Abstract: TH-PO785

Changes in Serum Phosphorus, Pill Burden, and Medication Possession Ratio among Chronic Hemodialysis Patients Who Converted to Sucroferric Oxyhydroxide as Part of Routine Care

Session Information

Category: Dialysis

  • 607 Dialysis: Epidemiology, Outcomes, Clinical Trials - Non-Cardiovascular

Authors

  • Gray, Kathryn S., DaVita Clinical Research, Minneapolis, Minnesota, United States
  • Ficociello, Linda H., Fresenius Medical Care - North America, Waltham, Massachusetts, United States
  • Hunt, Abigail, DaVita Clinical Research, Minneapolis, Minnesota, United States
  • Mullon, Claudy, Fresenius Medical Care - North America, Waltham, Massachusetts, United States
  • Brunelli, Steven M., DaVita Clinical Research, Minneapolis, Minnesota, United States
Background

The large pill burden associated with many phosphate binders (PB) may decrease adherence to PB therapy. The current analysis examines the changes in serum phosphorus, PB pills/day, and medication possession ratio (MPR; estimate of adherence) among patients who converted from a baseline PB to sucroferric oxyhydroxide (SO) as part of routine care.

Methods

Patients eligible for analysis were ≥18 years, received chronic hemodialysis at a large dialysis organization (LDO), and received benefits through the LDO’s pharmacy program. Patients converting to SO use were those who had supply of another PB, received a first prescription fill for SO as part of routine care, and subsequently did not refill a non-SO PB. Baseline (BL) was considered as the 6-month period leading up to first SO fill and SO follow-up (SO-F) the 6-month period following the first SO fill. Patients were censored from the analysis upon loss to follow-up, dialysis modality change, discontinuation of SO, or fill of a prescription for another PB after SO initiation. MPR is the proportion of time that a patient had enough medicine to take as prescribed and was assessed among patients not enrolled in the LDO pharmacy automated refill management service.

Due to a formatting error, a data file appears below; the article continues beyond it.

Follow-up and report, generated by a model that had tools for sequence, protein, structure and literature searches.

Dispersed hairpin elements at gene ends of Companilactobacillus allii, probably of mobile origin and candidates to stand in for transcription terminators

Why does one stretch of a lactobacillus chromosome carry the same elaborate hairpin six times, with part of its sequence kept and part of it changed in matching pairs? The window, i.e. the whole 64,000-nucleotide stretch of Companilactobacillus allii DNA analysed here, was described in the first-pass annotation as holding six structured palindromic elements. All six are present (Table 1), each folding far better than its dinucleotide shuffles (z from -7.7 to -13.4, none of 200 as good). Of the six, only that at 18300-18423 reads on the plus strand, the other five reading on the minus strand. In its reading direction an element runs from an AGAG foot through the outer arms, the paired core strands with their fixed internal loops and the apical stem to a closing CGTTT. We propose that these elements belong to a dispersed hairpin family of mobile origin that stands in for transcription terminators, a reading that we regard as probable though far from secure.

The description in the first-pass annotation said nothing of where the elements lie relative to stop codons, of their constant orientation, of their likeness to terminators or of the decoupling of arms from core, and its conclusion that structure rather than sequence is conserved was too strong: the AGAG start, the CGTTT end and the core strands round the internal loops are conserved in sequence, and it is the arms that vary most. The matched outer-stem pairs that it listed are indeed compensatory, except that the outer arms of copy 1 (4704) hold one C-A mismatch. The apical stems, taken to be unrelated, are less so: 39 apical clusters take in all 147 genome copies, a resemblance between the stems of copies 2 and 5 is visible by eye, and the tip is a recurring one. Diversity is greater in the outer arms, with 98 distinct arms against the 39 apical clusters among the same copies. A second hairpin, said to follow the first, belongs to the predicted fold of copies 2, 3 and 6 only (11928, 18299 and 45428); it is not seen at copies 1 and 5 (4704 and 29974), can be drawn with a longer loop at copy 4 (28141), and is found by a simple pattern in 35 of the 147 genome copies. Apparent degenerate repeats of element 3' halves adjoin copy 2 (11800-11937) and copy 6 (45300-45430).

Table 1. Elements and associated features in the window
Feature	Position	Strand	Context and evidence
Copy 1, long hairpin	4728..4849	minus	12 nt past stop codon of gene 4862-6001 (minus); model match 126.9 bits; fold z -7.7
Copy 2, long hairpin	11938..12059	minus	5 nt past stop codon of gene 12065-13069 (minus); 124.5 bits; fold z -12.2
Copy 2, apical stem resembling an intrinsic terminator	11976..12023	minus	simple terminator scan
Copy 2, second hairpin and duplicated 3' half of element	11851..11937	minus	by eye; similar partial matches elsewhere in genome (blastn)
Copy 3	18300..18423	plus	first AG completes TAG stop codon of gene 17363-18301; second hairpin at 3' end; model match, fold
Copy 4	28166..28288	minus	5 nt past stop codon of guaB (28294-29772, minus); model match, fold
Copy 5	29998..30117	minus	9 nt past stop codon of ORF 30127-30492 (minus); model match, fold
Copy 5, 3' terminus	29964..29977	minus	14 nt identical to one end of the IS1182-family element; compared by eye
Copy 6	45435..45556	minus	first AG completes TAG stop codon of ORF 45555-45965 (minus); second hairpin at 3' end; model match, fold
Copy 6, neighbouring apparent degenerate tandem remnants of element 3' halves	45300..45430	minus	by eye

Results

There were 490 patients who converted to SO. The majority of patients (66%) were using sevelamer at time of SO initiation, followed by calcium acetate (19%). There was an improvement in serum phosphorus (sP): mean (95% CI) sP was 6.9 mg/dL (6.8, 7.1) at BL and 6.8 mg/dL (6.6, 6.9) at SO-F (P=0.02). The percent of patients achieving sP ≤5.5 mg/dL increased from 21.7% at BL to 28.8% at SO-F (P<0.001).The mean total PB pill burden at BL was 10.8 pills/day and this decreased by 49% to 5.5 pills/day at SO-F (P<0.001). Among patients who were not using the LDO refill management service (n=30), mean total PB MPR was 0.68 at BL and 0.80 at SO-F.

Conclusion

In a cohort of hemodialysis patients prescribed SO through a renal pharmacy service as part of routine care, improvements in sP were observed along with a 49% decrease in prescribed PB pills/day and, among the subset of patients not using the LDO pharmacy refill management service, an increase in MPR from 0.68 to 0.80.

Funding

  • Commercial Support